(fredness), October 24, 2000 - updated May, 2002
This article focuses primary on planning for software development projects.
It is important to generate a Design Specification document before actual development starts. This document is important because it allows marketing and engineering to have a common reference point, Engineering can use the document as a guide to decide what specific development to undertake. Marketing and other teams can use the document for setting expectations for product capabilities and preparing plans for how to best launch the product.
It is important to not itemize too many tasks in a schedule. The details should be relegated to the Design Specification. Schedule tasks need only describe an accomplishment in general terms. It is a good idea to keep the number of tasks limited to as few as possible. A particular person or resource should not have more than a few tasks overlapping. If you keep the tasks as few as possible and minimize resource overlap the schedule will be easy to read and edit. Furthermore, the schedule is an aid to development, not a micro management tool to drive development. If more detail is needed about a certain task then simply consult either the design specification or the assigned resource for more information. A schedule filled with overly detailed implementation steps makes it unnecessarily unwieldy to update. If the document is too unwieldy it becomes a dead document. Software development without an actively updated schedule quickly degenerate into rudderless ineffectual effort.
The software development schedule should intimate the development effort not overstate it. A schedule can never obviate the need for a project manager with sufficient experience, skill, and flexibility to fine-tune the schedule during development. By definition software development is an attempt to codify functionality that has never been codified before (otherwise it would already exist as an application). A proficient project manager knows this and will always have ideal, probable, and worst case completion paths to hedge against inevitable unknowns that are endemic to software development (The Mythical Man Month by Frederick P. Brooks, Jr.).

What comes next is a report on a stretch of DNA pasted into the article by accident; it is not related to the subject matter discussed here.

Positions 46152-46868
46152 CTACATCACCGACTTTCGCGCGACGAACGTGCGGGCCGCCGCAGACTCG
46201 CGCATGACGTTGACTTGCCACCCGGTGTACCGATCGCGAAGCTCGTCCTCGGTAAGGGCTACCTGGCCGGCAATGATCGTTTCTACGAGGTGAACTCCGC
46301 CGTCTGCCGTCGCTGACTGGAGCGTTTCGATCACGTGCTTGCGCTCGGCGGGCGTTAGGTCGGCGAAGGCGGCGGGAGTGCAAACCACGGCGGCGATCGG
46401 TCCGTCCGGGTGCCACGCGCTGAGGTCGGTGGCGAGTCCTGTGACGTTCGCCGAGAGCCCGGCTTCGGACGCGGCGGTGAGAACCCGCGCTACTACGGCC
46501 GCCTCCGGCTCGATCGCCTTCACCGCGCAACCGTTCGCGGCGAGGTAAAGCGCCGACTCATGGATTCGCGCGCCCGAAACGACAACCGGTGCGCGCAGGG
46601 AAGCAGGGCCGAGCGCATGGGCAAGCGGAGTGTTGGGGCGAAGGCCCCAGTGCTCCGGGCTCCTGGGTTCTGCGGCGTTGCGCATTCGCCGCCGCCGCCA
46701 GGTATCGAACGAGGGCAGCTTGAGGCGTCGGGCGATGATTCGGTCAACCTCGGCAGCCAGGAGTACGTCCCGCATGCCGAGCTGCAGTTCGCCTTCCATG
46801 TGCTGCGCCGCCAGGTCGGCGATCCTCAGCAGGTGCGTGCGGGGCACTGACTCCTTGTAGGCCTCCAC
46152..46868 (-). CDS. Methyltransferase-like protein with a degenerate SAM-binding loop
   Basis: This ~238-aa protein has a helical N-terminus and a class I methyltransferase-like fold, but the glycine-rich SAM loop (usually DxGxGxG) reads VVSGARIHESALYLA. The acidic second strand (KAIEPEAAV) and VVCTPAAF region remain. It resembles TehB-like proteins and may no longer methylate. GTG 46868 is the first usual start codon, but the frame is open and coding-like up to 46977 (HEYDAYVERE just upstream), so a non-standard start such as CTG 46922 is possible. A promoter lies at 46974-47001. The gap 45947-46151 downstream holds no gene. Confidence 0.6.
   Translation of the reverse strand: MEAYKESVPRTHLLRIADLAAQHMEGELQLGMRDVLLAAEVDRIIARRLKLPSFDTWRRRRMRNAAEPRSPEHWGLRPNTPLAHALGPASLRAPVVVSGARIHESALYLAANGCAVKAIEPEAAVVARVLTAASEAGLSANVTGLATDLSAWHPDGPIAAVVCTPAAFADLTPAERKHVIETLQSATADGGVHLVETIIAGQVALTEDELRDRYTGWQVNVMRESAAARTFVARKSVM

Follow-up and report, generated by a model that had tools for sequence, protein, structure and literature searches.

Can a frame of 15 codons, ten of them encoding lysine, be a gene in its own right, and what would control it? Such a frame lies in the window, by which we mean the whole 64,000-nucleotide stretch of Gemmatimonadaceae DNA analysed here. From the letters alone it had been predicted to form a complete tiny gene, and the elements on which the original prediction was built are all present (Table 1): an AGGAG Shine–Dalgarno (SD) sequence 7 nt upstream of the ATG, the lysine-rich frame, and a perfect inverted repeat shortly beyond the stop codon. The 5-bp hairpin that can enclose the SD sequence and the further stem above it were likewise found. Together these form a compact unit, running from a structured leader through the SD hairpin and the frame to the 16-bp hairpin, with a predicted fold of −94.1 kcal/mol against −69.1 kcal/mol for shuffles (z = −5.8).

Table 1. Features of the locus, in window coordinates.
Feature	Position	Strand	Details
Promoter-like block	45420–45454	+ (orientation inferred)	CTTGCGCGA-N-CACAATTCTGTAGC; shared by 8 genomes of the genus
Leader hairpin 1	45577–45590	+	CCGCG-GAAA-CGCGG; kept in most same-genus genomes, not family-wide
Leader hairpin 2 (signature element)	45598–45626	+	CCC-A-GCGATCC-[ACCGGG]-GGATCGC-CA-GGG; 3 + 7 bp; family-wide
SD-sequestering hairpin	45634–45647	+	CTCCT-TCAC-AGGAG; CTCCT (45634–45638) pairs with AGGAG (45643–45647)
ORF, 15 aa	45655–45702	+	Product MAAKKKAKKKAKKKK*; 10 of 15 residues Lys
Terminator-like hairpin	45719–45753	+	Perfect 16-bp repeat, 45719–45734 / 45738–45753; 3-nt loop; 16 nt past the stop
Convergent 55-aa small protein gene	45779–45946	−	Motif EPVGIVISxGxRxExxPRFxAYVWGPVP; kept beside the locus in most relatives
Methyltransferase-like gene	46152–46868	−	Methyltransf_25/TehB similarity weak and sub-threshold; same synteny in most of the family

Too much task linking is a sign of a schedule with too much detail. Schedules are the most useful when there is a lot of parallel/concurrent activity going on. Where linking is most useful is when several tasks complete and allow the start of another single task and visa versa. One to many, or many to one is the best reason to use a link. Linking a single independent task to another single independent task should be a sign that the a summary task should be used instead of the two linked tasks. One exception to this might be a single task that requires one resource being linked to a second single task that requires a different resource. In this case a single task with both resources assigned may be too general for resource allocation to normalize optimally.
Followups, Comments, ...
Raul Rodriguez, Santa Clara University
Tue Mar 18, 2008 10:15 pm (PDT)
I'm a program manager at Microsoft, but here's what a friend is product management had to say about the difference in product management and product planning: "product planning is ideally supposed to keep tabs on whether the features planned for the releases are in line with the overall strategy of the product. product mgmt ideally decides the product strategy from marketing perspective. program mgmt drives the feasibility of a technical featureset, which is used by planning to see whether it matches the overall direction set by prod mgmt. this division can easily be blurried and it totally depends on what group and also the personalities of the three different peers."